This is Boris's cleverly constructed manifesto to secure his next sojourn as London's Mayor and it's better than stuffing pamphlets through doors. He shows a love of London and an instinctive grasp of what makes Londoners tick, presented in his unique Beano-like style where he lays his scholarship under a veneer of prep-school vulgarity and japery. You get the feeling this is a rather well-educated toff having fun; Private Eye of course has captured the vernacular perfectly in its Boris lampoons. The reader/voter can feel Boris is not taking himself too seriously and nobody likes a pompous politician. From Roman times to the present he continually updates himself with references to the Euro or recession.He pays homage to big finance and big ideas without which we wouldn't have a London, but he also takes a pot now and again at bankers and money-men.He covers the building of the city from all angles of its culture, brown-nosing nobody but appreciative of the myriad skills that go into making London, from the real story of wealthy Dick Whittington to the foresight of Joseph Bazalgette and his sewers.He overdid it a bit extolling the virtues and importance of Keith Richards and the Stones and his final chapter is unashamed vote seeking even down to the desirability of his pet project, the Thames Estuary Airport. But whatever your politics this is gripping and educational and downright hilarious stuff, while its accuracy and viewpoint will be questioned endlessly as every historical document should be. I'd rather read this than the election address that's just landed in my letter-box....
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14 of 14 people found the following review helpful
I was given this book by a relation who, to my knowledge, has never voted Conservative, so it came as quite a surprise.
Boris clearly loves to entertain as well as inform. There is also the teasing - each chapter contains a word I have never heard of - is he creating a new lexicon?
This book is full of vitality and energy and has evidently had a huge amount of research. Where did he find the time?
Peter Rust
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30 of 32 people found the following review helpful
5.0 out of 5 stars Bright, breezy, populist and pacy 22 Nov 2011
History comes alive only when written from the heart and Johnson's is full of swashbuckling japes, bloodthirsty yells and energetic sideswipes. A fantastic read. Sean - did you read the wrong book?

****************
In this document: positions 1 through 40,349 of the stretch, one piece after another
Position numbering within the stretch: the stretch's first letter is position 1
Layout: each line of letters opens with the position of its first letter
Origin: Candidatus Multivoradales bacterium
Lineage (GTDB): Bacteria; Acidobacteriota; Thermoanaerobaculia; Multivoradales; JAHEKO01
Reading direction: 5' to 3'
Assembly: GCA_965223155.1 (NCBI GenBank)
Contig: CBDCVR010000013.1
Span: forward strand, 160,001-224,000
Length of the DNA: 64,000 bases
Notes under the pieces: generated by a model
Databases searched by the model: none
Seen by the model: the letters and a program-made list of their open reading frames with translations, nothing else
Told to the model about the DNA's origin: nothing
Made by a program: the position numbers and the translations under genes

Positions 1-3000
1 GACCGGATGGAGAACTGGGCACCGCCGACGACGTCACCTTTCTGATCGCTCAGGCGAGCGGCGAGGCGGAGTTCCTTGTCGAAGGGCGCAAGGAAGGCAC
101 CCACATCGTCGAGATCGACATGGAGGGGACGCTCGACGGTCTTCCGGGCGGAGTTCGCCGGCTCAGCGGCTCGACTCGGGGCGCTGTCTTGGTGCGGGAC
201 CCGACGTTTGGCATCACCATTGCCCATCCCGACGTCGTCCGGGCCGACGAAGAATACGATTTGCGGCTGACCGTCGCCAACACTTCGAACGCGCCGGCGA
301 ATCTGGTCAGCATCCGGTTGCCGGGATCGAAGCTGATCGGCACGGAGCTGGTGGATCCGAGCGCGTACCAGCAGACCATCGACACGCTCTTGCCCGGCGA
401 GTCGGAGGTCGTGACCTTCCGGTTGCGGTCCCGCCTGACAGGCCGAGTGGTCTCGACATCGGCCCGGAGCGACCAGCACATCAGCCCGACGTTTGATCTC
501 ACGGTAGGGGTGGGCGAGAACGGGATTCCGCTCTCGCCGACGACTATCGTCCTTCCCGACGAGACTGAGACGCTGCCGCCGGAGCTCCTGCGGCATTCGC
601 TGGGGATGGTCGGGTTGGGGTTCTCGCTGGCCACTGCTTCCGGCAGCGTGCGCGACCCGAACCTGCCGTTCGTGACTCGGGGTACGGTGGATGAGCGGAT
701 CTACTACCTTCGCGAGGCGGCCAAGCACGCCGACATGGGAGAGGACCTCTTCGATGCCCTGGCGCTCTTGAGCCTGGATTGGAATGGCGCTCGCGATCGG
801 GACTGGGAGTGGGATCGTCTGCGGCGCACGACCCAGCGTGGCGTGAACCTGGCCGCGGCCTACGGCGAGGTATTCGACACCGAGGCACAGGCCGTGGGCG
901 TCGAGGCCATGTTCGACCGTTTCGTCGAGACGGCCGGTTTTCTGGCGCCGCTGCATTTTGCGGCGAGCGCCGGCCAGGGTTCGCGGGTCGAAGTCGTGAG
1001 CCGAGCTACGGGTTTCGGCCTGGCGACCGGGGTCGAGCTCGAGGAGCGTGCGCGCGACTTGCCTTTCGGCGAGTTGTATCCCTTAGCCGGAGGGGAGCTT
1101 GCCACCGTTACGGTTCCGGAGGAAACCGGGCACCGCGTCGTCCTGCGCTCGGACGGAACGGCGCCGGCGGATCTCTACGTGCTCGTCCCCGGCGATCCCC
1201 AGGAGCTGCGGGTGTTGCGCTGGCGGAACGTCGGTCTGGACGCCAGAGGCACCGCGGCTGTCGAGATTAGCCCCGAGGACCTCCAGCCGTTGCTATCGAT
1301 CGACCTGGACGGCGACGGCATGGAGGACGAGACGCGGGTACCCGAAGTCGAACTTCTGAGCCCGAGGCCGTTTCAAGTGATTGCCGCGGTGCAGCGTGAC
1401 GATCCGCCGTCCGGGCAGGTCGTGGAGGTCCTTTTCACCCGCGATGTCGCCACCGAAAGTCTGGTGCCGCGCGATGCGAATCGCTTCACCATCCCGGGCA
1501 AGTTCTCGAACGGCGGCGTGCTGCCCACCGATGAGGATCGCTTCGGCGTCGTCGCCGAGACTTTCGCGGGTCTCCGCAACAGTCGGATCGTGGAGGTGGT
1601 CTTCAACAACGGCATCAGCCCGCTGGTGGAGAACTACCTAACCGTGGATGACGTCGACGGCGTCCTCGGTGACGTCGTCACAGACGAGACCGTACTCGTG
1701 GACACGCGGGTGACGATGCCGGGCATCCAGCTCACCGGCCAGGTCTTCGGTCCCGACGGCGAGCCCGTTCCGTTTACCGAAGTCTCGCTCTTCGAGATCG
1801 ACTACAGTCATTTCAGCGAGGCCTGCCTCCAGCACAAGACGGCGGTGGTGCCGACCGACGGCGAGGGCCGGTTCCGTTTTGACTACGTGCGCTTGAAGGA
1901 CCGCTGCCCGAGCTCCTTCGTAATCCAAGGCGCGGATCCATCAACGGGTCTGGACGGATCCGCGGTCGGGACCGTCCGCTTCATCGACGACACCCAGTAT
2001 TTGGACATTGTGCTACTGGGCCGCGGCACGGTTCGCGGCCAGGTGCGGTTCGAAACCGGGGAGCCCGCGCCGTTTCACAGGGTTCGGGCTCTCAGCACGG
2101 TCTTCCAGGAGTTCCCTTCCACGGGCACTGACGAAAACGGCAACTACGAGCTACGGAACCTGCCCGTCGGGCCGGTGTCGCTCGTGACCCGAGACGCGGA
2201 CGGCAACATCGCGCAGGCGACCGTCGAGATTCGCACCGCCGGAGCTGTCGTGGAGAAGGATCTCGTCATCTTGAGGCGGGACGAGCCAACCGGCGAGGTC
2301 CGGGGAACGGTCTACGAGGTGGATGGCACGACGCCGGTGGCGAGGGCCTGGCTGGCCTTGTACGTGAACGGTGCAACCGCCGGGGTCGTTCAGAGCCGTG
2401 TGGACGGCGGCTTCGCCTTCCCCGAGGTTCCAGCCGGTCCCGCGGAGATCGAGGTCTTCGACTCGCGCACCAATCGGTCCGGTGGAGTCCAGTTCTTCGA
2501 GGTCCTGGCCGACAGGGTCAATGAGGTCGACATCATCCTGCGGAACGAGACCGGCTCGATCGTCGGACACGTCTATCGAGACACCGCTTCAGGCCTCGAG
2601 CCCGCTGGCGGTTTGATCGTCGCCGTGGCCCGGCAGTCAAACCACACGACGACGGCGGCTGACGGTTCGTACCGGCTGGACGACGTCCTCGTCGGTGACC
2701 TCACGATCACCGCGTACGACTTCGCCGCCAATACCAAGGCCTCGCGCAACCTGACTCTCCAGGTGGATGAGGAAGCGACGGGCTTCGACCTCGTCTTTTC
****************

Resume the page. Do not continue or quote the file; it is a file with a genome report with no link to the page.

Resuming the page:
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7 of 7 people found the following review helpful
By James Gallen TOP 1000 REVIEWER
A city has a life and a history to match its magnitude. Fortunately for London, and for us, it has a worthy chronicler of its march of heroes. Author and Lord Mayor, Boris Johnson, has put together this alluring book about The People Who Made the City That Made the World. Johnson provides brief biographies of the featured persons with a particular focus on the crucial role each played in the making of London. Some are familiar names of whom we learn more about their contributions to London and others are names we have never heard of but should.

From chapter to chapter we read of Boudica, the native woman whose attack convinced the Romans to reestablish their authority, Hadrian, the Emperor who made London the capitol of the province of Britain, Melitius, the Sixth Century missionary who brought Christianity back to London, and Alfred the Great, the Anglo-Saxon king who restored London only to have it taken by William the Conqueror who made his new city a center of trade.

A city is not built only of bricks and masonry. It needs a life of the mind, of arts and letters that was provided by the five of the subjects: Geoffrey Chaucer, William Shakespeare, Samuel Johnson, J. M. W. Turner and Keith Richards. What I found to be most interesting is the way that these chapters go beyond the artistic veneers to introduce the reader to the men behind the legends, those who contributed more to his city than is apparent to the general public.

Any great city needs money and two titans of finance are featured. The first is a London Giant about whom I had never heard, Richard Whittington, who made a fortune, served as mayor and endowed a foundation that, 600 years later, continues to support the needy in the city he helped shape.